THE landscape of a busy Worcester street will change this weekend after a new footbridge is lowered into place.

The bridge will run over the top of the Butts to link CrownGate to The Hive and will have the same striking gold cladding as the exciting new history and library centre.

The bridge will arrive in the city in a single piece at around 4am on Sunday.

The Butts will be closed from that time to allow workers to lower it into position.

Iain Paul, design manager for project partners Worcestershire County Council and the University of Worcester, said: “It’s clad in the same copper aluminium alloy as the building and the cladding will be perforated and lit from the back so you will see the light shining through it.

"It will create a traffic-free pedestrian route from the city centre to the new library and history centre and later down to Croft Road and the new city campus.”

Mr Paul said the bridge would be accessible from behind the CrownGate car park or via the existing footpath accessed along the side of the bus station from Angel Place.

“The idea has always been to make a much stronger, physical link to the library and make it easier for people to move around.”

He also said that the bridge and the cladding were both made by Midlands companies. The Butts will be re-opened before Monday morning.

The Hive, a £60 million project, will open next July and will house a fully integrated public and university library, the record office, the county’s historic environment and archaeology service and the Worcestershire Hub customer service centre.

Fresh hopes for a basin crossing

THERE are still faint hopes that a new footbridge can be built over Diglis Basin, Worcester, to link homes and businesses.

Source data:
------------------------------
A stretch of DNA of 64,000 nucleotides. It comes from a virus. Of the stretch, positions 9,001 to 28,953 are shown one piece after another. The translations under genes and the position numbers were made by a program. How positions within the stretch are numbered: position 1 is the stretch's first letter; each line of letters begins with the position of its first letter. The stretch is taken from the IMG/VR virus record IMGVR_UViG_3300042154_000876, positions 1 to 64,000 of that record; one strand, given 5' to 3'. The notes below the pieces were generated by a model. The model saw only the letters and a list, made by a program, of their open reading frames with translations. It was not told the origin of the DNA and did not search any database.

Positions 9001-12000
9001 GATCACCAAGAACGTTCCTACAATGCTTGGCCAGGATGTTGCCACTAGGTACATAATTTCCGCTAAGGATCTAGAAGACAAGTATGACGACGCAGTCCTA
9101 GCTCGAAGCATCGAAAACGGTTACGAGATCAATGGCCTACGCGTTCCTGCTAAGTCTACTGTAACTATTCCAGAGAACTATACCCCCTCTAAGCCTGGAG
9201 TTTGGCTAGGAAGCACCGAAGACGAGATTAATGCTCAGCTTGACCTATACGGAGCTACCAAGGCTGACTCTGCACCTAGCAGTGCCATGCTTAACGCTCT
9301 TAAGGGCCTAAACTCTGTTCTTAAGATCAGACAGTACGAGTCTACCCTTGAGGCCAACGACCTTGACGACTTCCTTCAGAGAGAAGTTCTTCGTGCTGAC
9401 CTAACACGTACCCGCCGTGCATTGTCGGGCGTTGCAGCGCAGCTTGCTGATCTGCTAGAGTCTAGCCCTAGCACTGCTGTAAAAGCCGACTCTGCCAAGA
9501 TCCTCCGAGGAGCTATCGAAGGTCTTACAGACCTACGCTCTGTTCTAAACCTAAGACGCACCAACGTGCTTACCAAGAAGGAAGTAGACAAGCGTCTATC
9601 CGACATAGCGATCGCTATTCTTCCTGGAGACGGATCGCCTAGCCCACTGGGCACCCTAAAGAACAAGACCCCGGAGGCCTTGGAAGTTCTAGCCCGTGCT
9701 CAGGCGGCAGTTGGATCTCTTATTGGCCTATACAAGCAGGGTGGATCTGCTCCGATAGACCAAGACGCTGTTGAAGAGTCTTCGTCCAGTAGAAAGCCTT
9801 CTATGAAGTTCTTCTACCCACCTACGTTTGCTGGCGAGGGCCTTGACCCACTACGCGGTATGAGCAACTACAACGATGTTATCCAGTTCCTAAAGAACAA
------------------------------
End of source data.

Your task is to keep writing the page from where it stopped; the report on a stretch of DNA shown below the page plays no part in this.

Ever since work started on regenerating the Diglis area there have been plans to install a new bridge over Lock Two near to the point where the Worcester-Birming-ham canal joins the river Severn. Work on the bridge has never really got off the ground, but talks are now being arranged. At a meeting of Worcester City Council’s planning committee, Alan Coleman, planning manager, said it was written into a section 106 agreement – a deal between a developer and the local planning authority to pay for new facilities in return for being allowed to build – relating to one of Berkeley Homes’ applications that a new footbridge should be installed over Diglis Basin.

However, Mr Coleman said the design of the bridge needs to meet standards set by British Wat-erways and if the organisation does not approve of them then Berkeley Hom-es will have to pay the city council the amount equivalent to the cost of constructing the bridge.

“Matters have become complicated by the fact that British Waterways have now got charitable status and as such they have very strict criteria for new structures over the canal.”

Mr Coleman, who has attended a series of meetings with British Water-ways, mainly related to the renovation of another bridge over the old dock basin in Diglis, said discussions between the charity and the developer are being arranged.

Councillor Andy Rob-erts asked how the money would be used if it is not spent on a new canal footbridge. Mr Coleman said there were a number of projects the cash could go towards, such as upgrading the towpath.